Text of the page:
Senate Should Refuse To Confirm FDA Commissioner Mark McClellan as CMS Administrator, Editorial States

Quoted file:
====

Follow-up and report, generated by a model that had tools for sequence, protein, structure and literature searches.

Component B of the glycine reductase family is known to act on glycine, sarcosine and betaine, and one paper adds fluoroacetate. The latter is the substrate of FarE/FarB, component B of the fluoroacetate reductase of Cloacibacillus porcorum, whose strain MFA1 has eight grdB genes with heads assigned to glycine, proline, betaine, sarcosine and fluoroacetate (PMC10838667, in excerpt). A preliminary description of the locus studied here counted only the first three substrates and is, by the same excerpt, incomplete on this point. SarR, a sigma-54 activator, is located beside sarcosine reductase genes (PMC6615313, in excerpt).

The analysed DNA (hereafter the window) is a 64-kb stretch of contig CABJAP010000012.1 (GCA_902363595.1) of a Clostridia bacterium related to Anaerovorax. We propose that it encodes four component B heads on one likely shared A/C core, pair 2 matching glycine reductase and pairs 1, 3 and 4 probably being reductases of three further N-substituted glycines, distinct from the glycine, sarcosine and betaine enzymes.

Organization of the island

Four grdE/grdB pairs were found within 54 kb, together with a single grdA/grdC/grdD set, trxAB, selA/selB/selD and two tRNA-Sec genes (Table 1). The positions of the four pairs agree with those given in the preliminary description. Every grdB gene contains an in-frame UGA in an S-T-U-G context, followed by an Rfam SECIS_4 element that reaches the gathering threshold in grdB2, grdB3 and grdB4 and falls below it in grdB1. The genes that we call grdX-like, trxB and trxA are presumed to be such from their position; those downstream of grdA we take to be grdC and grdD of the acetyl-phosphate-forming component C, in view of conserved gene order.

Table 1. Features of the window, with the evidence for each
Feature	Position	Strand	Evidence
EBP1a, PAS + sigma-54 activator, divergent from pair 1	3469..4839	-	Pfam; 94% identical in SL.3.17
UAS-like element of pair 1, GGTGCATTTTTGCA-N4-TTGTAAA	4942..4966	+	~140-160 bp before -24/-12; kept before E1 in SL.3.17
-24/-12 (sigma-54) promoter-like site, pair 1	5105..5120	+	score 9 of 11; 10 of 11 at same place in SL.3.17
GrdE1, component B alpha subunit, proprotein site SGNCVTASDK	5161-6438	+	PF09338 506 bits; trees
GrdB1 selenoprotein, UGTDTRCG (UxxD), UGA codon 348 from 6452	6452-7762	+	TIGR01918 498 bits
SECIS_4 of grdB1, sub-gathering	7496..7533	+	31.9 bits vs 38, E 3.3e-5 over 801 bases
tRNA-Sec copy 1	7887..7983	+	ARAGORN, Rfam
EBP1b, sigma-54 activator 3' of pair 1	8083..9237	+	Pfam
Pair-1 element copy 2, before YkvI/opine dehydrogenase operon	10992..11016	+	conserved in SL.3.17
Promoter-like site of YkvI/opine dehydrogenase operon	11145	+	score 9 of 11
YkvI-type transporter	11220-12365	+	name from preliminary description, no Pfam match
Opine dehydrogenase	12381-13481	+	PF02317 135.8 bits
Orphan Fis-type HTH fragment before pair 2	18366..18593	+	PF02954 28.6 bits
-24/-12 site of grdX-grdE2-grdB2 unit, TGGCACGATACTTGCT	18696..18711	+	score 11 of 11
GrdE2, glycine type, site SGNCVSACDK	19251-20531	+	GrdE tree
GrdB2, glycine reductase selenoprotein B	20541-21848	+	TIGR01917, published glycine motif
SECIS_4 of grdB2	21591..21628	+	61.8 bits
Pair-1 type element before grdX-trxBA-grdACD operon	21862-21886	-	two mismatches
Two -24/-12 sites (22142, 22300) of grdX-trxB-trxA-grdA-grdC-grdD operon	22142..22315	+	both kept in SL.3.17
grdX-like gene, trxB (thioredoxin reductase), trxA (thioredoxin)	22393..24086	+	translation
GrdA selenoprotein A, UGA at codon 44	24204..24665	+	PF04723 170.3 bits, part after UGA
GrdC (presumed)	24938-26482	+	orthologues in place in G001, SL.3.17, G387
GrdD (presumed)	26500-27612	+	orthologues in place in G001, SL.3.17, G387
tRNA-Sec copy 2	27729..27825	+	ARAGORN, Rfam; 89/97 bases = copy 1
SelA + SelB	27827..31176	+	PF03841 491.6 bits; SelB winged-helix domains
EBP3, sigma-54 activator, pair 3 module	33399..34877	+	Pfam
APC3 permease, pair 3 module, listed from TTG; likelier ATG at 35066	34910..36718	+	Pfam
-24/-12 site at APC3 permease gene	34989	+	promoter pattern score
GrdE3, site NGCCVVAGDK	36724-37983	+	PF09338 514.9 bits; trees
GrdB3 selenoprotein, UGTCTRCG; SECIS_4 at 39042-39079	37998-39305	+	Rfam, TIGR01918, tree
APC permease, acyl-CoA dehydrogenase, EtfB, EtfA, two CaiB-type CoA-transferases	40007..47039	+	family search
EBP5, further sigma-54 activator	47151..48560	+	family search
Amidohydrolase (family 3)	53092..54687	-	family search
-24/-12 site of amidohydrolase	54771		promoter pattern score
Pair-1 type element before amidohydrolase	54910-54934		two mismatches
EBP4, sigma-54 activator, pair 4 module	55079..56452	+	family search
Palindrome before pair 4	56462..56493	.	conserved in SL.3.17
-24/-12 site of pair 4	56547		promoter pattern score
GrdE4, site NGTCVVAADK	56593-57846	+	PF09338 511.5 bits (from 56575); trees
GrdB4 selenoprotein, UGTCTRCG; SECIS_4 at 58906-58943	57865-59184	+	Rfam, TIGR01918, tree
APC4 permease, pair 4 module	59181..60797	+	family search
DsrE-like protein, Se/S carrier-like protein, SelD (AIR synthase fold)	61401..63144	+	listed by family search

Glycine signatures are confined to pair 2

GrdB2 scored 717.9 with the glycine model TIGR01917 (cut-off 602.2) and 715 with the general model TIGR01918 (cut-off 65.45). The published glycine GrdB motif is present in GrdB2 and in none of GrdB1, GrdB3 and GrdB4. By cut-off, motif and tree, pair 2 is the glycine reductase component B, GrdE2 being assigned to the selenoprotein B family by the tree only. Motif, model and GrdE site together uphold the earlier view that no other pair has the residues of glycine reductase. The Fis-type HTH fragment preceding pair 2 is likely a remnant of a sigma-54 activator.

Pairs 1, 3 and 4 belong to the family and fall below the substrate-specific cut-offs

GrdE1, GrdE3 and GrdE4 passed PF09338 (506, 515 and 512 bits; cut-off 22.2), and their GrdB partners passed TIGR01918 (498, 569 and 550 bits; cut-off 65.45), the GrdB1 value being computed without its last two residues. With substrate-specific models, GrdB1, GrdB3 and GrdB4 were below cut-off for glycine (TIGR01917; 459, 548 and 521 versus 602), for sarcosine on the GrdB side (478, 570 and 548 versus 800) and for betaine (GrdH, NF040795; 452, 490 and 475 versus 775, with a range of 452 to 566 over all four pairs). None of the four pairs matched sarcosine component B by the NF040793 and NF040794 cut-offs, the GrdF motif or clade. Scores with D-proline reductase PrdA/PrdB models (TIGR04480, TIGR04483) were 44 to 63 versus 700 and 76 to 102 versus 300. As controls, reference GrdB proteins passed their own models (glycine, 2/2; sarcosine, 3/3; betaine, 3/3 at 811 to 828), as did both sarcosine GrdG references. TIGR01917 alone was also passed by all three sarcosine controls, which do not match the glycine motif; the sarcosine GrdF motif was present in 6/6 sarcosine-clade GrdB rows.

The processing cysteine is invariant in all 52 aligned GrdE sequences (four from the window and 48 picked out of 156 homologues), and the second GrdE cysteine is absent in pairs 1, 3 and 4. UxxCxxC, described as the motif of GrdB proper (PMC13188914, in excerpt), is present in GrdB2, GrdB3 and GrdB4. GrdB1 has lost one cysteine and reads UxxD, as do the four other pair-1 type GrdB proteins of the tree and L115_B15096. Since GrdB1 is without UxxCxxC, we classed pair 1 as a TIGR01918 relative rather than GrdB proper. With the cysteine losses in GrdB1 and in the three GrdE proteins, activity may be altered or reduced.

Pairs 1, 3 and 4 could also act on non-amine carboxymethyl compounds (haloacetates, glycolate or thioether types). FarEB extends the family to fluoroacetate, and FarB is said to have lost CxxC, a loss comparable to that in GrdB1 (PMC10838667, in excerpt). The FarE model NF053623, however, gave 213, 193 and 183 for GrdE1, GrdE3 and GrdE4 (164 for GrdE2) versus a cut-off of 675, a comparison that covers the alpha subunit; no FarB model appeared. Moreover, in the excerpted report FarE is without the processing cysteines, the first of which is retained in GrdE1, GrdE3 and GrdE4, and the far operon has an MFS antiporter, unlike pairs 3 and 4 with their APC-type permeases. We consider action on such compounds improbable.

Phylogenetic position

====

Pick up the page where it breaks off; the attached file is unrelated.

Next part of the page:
The Senate should refuse to confirm FDA Commissioner Mark McClellan as CMS administrator until he ends his opposition to prescription drug reimportation as part of an effort to reduce U.S. drug costs, according to a Los Angeles Times editorial (Los Angeles Times, 3/4). At least three senators -- John McCain (R-Ariz.), Byron Dorgan (D-N.D.) and Debbie Stabenow (D-Mich.) -- have announced plans to delay a final confirmation vote on McClellan because of his stance on reimportation. McClellan has said that he opposes the practice because FDA cannot certify the safety of prescription drugs reimported from Canada and other nations (California Healthline, 3/3). As FDA commissioner, McClellan has threatened legal action against state and local governments that establish reimportation programs, asked health insurers to reject reimbursement claims for drugs purchased from Canada and "even tried to enlist UPS and FedEx to stop cross-border purchasing" of prescription drugs, the editorial states. According to the editorial, although McClellan "couldn't single-handedly allow" reimportation as CMS administrator, he "wields great influence and would be able to halt reimportation by, for instance, declaring such drugs unsafe or by cutting off" Medicare and Medicaid funds to states that help residents purchase drugs from Canada. The editorial concludes that the Senate should "press him to reverse his opposition to reimportation," which would serve as a "small step toward lowering outrageously high U.S. drug prices" (Los Angeles Times, 3/4).This is part of the California Healthline Daily Edition, a summary of health policy coverage from major news organizations. Sign up for an email subscription.